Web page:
While some people are sensitive to the anxiety-promoting effects of caffeine, others are sensitive to caffeine-induced insomnia {1}. People suffering from panic or anxiety disorder may experience worse symptoms upon consuming caffeine. Some researchers believe that caffeine sensitivity occurs at receptor or metabolism levels. This means that while some people experience caffeine sensitivity because their bodies take longer to metabolize it, others are more sensitive to the long-term effects of caffeine. Usually, upon caffeine consumption, there is a temporary rise in blood pressure, which disappears upon regular consumption. However, people with caffeine sensitivity can experience elevated blood pressure every time they consume caffeine.

Several factors differentiate caffeine sensitivity from one person to the next. Certain factors affect one’s consumption, which can result in increased caffeine sensitivity. Factors like older age, genetics, and the medications you’re on can alter your sensitivity to caffeine, increasing it and worsening your symptoms. Some instances, like pregnancy, also require one to avoid caffeine, and so should adolescents and children, as it causes issues in their development. The risk factors that cause more caffeine sensitivity include:

  • Older age
  • Genetics
  • Pregnant women
  • Children and adolescents
  • Medications

Older age

Older adults can suffer caffeine sensitivity more than others, as it will affect their sleep. Older adults are always more sensitive to the insomnia effects of caffeine. Even though there is no difference in metabolism between different ages, there are alterations to adenosine receptors which cause worse sleep indicators. By targeting your adenosine receptors, caffeine affects sleep regulation, arousal, effects of caffeine on sleep, and your sleep-wake cycle.

Genetics (brain chemistry and liver metabolism)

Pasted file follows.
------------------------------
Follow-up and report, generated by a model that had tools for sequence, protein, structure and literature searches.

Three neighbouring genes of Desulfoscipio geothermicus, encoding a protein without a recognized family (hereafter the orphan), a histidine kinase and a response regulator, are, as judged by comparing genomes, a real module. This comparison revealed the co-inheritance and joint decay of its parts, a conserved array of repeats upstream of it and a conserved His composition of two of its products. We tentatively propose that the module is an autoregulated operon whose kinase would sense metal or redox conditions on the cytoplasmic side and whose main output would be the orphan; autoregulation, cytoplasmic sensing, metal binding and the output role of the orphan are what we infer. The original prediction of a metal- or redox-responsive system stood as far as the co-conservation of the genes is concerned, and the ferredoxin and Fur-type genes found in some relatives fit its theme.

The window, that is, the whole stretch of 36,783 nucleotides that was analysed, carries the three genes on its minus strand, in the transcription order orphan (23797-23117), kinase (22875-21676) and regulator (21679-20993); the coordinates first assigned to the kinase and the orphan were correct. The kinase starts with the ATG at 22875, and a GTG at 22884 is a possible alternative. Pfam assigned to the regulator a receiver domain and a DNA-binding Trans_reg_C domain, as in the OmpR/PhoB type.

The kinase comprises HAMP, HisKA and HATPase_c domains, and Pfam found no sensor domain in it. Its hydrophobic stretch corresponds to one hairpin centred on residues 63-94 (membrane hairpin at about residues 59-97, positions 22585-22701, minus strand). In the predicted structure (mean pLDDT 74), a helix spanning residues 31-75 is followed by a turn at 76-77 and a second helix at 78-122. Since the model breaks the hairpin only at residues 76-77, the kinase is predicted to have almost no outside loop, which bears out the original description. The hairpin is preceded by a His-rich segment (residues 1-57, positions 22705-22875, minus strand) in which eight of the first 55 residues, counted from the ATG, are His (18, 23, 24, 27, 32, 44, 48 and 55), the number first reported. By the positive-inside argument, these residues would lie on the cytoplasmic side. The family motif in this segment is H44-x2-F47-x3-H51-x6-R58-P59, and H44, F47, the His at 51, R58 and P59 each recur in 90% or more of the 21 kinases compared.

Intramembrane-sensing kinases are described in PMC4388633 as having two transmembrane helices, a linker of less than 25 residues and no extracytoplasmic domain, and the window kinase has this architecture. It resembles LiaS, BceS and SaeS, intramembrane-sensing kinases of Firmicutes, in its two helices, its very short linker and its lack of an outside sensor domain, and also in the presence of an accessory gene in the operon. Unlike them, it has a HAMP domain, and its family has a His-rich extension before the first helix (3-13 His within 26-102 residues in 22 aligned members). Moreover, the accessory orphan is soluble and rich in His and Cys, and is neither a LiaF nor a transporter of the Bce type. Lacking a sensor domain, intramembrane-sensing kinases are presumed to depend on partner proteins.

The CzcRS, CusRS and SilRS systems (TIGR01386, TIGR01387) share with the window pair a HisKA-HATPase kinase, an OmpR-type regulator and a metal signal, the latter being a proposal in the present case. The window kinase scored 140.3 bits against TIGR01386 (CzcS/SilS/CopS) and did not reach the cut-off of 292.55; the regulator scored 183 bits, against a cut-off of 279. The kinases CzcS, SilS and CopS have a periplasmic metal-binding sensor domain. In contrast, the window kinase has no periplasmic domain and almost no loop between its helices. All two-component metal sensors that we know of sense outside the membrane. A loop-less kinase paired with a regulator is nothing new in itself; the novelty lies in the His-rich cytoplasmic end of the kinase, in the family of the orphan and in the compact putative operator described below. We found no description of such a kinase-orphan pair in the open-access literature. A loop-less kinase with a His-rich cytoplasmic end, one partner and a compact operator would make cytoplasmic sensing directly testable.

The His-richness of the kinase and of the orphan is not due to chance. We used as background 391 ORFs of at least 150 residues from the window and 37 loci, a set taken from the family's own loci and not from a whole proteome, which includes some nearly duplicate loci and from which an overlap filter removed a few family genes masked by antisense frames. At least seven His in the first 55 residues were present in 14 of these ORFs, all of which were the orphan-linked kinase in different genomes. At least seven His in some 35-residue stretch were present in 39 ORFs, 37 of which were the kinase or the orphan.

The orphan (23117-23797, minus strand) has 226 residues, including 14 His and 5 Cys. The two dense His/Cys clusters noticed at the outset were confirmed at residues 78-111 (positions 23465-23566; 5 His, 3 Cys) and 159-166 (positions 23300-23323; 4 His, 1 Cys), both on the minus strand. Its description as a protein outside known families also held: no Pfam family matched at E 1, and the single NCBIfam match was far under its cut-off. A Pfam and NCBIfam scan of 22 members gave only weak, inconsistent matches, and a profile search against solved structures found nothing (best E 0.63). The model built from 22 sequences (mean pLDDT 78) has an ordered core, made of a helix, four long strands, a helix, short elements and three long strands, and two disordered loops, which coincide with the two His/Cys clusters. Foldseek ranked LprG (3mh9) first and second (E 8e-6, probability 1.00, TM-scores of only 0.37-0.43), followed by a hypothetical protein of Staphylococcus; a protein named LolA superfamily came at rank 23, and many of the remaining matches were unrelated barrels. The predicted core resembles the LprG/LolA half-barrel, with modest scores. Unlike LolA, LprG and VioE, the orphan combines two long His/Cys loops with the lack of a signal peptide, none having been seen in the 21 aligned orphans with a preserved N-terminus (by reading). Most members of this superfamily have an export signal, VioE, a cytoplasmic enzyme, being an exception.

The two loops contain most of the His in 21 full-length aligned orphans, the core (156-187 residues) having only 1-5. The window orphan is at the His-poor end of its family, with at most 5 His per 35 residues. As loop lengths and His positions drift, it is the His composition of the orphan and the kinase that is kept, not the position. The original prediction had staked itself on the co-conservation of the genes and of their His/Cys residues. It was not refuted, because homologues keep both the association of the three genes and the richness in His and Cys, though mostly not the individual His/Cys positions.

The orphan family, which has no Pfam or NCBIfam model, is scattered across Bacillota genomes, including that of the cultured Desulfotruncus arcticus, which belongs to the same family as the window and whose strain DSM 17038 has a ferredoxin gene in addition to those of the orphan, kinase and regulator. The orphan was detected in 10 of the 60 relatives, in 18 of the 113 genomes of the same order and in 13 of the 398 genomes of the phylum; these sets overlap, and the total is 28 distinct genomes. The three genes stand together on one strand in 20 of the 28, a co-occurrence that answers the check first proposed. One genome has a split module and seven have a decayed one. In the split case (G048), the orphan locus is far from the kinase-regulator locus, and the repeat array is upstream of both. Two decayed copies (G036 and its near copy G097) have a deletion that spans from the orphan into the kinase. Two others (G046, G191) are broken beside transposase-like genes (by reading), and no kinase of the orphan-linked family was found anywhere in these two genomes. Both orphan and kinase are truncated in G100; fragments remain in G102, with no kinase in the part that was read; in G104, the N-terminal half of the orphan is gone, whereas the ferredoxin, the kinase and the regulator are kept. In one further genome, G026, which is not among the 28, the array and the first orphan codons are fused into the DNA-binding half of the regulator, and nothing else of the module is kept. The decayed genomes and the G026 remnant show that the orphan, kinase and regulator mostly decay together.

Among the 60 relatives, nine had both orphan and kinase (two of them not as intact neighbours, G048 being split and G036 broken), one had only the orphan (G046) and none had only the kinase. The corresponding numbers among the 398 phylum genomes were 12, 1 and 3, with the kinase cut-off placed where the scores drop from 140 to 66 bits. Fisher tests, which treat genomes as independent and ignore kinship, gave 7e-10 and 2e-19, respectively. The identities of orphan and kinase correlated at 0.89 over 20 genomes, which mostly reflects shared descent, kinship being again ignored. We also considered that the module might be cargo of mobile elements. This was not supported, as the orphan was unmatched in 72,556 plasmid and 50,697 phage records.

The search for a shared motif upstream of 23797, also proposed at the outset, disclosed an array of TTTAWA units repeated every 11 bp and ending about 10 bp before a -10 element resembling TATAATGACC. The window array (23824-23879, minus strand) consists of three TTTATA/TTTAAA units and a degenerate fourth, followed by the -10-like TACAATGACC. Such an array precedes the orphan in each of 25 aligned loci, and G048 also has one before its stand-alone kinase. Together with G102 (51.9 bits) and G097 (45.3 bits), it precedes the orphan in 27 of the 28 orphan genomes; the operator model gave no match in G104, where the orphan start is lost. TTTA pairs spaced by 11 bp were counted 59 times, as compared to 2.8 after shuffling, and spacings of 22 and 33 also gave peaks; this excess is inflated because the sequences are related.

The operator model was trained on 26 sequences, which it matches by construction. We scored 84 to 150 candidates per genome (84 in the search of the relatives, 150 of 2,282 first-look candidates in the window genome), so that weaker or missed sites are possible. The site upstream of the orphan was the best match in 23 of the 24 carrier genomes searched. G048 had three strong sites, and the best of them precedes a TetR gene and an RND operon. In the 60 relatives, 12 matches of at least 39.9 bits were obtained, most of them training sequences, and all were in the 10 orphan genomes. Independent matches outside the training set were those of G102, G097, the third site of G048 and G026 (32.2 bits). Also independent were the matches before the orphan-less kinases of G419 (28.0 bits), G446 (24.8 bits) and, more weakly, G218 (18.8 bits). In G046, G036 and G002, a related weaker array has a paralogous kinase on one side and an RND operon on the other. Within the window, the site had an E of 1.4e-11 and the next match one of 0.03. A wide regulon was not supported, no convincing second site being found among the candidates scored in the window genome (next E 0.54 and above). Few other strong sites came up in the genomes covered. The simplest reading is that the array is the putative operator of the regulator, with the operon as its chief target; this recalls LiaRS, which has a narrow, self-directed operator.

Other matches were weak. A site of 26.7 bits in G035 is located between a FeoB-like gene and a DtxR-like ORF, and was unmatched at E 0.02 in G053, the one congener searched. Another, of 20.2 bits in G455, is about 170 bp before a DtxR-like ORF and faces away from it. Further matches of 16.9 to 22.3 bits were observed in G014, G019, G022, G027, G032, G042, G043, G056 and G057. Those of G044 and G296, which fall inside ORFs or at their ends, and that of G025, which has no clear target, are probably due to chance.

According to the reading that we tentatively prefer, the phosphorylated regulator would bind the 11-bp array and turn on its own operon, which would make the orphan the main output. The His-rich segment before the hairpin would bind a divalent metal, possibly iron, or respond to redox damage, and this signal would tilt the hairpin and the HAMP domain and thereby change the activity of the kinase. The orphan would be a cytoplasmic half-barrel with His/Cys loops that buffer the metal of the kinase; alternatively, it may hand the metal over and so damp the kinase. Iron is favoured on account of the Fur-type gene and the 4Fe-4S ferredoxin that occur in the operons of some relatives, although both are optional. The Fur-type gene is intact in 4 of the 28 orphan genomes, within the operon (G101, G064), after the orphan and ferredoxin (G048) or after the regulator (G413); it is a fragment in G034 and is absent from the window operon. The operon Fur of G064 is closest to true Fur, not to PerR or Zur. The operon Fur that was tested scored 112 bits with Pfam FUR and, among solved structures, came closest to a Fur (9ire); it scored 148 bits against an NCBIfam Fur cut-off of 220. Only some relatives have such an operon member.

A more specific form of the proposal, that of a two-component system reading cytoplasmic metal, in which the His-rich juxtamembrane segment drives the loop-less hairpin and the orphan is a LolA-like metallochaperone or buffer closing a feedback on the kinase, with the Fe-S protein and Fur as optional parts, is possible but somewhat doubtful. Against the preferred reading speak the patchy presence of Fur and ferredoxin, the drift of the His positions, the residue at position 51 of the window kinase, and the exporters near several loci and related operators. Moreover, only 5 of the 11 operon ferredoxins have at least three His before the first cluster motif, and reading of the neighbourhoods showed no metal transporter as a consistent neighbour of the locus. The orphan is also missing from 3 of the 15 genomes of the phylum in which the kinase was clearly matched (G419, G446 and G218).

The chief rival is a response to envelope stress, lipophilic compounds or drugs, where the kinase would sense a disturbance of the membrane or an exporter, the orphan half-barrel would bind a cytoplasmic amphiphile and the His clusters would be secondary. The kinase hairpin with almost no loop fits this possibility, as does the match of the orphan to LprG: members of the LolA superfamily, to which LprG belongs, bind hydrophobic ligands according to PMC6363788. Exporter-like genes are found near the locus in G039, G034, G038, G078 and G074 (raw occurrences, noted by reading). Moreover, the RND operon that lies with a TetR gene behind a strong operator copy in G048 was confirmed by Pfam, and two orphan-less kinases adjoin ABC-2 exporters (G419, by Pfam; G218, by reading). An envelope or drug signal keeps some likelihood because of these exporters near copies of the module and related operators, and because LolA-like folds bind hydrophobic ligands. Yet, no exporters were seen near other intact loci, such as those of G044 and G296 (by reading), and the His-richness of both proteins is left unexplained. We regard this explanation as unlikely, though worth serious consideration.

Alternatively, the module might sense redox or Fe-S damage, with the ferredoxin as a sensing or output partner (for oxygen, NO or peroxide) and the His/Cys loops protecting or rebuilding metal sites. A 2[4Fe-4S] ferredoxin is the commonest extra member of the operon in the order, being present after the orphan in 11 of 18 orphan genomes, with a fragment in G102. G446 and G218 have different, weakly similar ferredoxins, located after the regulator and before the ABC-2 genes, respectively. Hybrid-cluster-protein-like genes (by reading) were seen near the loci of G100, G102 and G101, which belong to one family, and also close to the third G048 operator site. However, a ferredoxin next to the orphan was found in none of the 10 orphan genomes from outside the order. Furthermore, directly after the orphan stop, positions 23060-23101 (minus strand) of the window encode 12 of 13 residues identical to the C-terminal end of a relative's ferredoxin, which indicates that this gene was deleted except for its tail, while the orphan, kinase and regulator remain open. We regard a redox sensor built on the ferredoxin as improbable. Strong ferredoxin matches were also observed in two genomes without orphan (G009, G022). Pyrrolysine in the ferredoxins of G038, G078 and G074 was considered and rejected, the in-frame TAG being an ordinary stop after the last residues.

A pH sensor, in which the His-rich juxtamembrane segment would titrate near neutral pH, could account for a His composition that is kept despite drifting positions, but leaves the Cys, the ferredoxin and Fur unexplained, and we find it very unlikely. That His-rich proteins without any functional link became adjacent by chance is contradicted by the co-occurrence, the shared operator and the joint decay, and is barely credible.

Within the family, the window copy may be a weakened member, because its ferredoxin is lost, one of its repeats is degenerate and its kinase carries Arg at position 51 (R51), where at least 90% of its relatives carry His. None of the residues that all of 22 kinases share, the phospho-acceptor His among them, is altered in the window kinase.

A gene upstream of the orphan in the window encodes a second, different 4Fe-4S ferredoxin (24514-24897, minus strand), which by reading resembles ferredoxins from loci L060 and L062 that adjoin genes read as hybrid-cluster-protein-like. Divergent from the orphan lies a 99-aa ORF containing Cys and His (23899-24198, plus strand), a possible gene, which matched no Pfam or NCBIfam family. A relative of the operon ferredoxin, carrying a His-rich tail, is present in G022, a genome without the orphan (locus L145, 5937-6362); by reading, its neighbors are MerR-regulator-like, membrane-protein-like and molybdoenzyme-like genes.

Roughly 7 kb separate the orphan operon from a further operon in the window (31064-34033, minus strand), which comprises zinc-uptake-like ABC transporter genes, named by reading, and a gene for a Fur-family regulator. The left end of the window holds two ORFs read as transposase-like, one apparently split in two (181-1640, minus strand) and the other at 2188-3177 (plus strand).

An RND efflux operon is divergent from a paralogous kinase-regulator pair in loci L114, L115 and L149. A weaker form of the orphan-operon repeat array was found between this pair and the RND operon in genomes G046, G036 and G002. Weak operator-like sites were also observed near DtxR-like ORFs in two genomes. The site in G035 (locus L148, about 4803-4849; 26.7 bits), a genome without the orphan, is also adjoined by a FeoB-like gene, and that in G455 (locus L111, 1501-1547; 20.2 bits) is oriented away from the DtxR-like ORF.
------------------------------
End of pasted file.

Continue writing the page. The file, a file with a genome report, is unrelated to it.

The human brain consists of over 100 billion neurons that transmit instructions within the brain and nervous system. To do their job, neurons need the help of neurotransmitters. Neurotransmitters act as messengers between neurons and fire billions of times within a day following your biological response, thoughts, and movement. The more active your brain is, the more adenosine it produces. As your adenosine levels build up, you become more and more tired. Consuming caffeine blocks your adenosine receptors in the brain, preventing you from realizing it when you’re tired. Caffeine also affects the neurotransmitters burning about a “feel good” effect. According to studies, some people with caffeine sensitivity have an exaggerated reaction to this process because of a variation in their ADORA2A gene. People with this gene variation feel caffeine effects more intensely and for longer than those with normal sensitivity to caffeine.

Genetics highly affects how the liver metabolizes caffeine. Those with caffeine sensitivity produce fewer CYP1A2 enzymes {2}. This enzyme plays a massive role in how quickly liver your liver metabolizes caffeine. People suffering from caffeine sensitivity take longer to process and expel caffeine from their systems. Due to this, the impact of caffeine on their bodies tends to be more intense and lasts longer.